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Maidenhair Fern Information

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Maidenhair Fern Information

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Overview

Maidenhair ferns are true moisture-loving ferns. They are found along waterways such as streams, rivers and waterfalls. There are temperate varieties, as well as semitropical and tropical maidenhair ferns. There is much confusion over species names and there are new species that are still being identified. Maidenhair ferns could easily be labeled elite ferns because of their delicate beauty and habitat requirements.

Temperate Maidenhair Ferns

Three types of maidenhair ferns are found in North America. The Eastern and Western maidenhair fern may be listed as either Adiantum pedatum, or Adiantum aleuticum. The common name is five-finger fern because of the five leaflets held high on a long black stems. The stems stand out in the shade and are an attractive feature. The small delicate leaves look slightly ruffled. Few ferns match this one for beauty. If you come across a mass of five-finger ferns along a river bank, it is a sight to see. The plant is 1 to 2 feet in height with an overall rounded appearance. The Southern maidenhair (Adiantum capillus-veneris), or venus maidenhair fern, is also a beautiful fern. It is similar in size but the individual leaf-lets are arranged in mattes. The California maidenhair fern (Adiantum jordanii), looks similar to the Southern maidenhair, and is native to California and parts of Oregon. The Himalayan maidenhair fern (Adiantum venustum) can also be grown in mild regions of North America, USDA Plant Hardiness Zone 5. This fern has the same black wiry stems but grows closer to the ground. The small leaflets are not arranged in rows but in an irregular pattern.

Tropical Maidenhair Ferns

The tropical maidenhair ferns are grown indoors as houseplants. They require warm temperatures and high humidity. The best way to provide this is to mist them frequently with a spray bottle. They are shade plants, so they are a potential plant for the bathroom because of the extra moisture available. There are numerous species of maidenhair fern growing in tropical regions of Asia, Africa, South America and even New Zealand.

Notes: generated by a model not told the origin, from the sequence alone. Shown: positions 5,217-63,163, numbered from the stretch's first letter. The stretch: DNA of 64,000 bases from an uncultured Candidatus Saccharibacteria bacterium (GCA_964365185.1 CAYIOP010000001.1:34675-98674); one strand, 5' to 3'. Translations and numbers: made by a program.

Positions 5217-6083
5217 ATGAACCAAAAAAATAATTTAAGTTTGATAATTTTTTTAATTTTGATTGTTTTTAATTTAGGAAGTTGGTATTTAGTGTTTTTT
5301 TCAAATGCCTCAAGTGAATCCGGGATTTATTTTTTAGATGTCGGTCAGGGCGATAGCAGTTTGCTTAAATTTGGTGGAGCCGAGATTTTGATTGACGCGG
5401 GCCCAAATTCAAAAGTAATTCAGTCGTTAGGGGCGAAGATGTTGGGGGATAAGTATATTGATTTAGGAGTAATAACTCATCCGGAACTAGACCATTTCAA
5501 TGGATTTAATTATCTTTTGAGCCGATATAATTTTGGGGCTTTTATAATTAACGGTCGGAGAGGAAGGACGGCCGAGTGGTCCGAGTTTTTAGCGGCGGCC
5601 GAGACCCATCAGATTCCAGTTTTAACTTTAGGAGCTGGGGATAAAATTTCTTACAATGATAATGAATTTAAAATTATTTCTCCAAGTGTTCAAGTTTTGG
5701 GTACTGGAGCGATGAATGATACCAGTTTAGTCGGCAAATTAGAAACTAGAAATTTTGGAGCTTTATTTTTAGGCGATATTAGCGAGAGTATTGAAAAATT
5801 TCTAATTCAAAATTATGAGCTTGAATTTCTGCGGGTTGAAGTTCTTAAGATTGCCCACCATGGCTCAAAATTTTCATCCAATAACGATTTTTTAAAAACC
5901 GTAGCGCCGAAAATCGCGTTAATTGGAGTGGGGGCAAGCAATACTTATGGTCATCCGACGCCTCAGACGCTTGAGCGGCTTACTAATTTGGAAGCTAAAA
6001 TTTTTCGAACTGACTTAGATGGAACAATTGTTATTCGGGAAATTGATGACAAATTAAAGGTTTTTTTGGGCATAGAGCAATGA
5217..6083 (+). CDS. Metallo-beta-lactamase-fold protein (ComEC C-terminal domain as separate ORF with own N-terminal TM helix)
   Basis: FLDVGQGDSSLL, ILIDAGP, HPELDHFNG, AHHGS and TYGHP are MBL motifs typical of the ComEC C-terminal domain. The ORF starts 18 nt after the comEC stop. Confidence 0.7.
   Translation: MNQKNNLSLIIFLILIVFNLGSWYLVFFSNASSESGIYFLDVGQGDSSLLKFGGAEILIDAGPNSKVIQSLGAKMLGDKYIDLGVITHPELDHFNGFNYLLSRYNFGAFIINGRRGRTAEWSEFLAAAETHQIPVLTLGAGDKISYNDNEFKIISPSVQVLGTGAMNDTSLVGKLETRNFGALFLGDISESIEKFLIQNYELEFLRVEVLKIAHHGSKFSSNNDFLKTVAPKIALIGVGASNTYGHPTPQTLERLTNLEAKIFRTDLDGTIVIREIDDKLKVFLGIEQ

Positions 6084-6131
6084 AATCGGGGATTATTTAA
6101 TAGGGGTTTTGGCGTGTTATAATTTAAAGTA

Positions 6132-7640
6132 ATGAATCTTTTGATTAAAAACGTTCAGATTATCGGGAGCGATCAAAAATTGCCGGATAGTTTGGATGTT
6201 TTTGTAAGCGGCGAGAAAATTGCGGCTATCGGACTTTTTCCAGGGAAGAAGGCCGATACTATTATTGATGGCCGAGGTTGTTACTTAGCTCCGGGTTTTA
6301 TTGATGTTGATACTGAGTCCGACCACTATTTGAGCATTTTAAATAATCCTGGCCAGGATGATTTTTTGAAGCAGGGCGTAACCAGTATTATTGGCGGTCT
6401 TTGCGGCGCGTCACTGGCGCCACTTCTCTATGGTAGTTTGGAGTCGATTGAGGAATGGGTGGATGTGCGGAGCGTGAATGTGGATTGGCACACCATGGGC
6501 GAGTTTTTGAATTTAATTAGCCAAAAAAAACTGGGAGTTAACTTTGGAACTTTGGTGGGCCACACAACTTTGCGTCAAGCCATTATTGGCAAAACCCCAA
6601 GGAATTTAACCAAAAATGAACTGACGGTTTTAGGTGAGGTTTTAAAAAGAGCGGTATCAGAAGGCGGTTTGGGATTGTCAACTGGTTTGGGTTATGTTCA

Habitat

Maidenhair fern are difficult to grow unless they have the right environment. Give them consistent moisture or they will dry out and turn brown. Choose a spot that is shady all day and where you water frequently. Some maidenhair ferns can tolerate morning sun. Plant them next to a water source such as a fountain or pond. This is especially important while they are becoming established. They are deciduous, and will die back each winter and return in the spring.

Propagation

Like other ferns, maidenhair ferns proliferate by producing and dispersing spores. This is a slower means of propagation, but it is possible. In order for the spores to germinate, they must be ripe. Catch them by placing white cloth, or paper under the plant when the spores start to pop open. They will also spread on their own by spores in optimum situations. Should they germinate in the garden, allow them to grow where they are. Once they reach 6 inches tall, and have developed a root system, they can be transplanted in the fall. It is also advantageous to grow small ferns in containers until they are at least 1 year old. Never allow the ferns to dry out. Maidenhair ferns are clump-forming plants that will spread by underground rhizomes. Once they have formed a clump, they can be divided and transplanted. Division of healthy clumps is the easiest way to obtain more plants. Dig and divide maidenhair fern in the fall, just after the fronds turn brown.

Cultural Information

The five-finger ferns are very cold hardy. Problems are usually because of dry hot weather not cold. Unless they are given shade and a continuous supply of moisture they will not survive in hot regions. By growing them in containers, you can control their environment in less than perfect climates. Maidenhair ferns like humus rich soils. Regular compost will retain needed moisture and supply nutrients.

Keywords: moisture loving plants, shade plants, humus rich soil, underground rhizomes, divide and traansplant

About this Author

Marci Degman has been a Landscape Designer and Horticulture writer for since 1997. She has an Associate of Applied Science in landscape technology and landscape design from Portland Community College. She writes a newspaper column for the Hillsboro Argus and radio tips for KUIK. Her teaching experience for Portland Community College has set the pace for her to write for GardenGuides.com.

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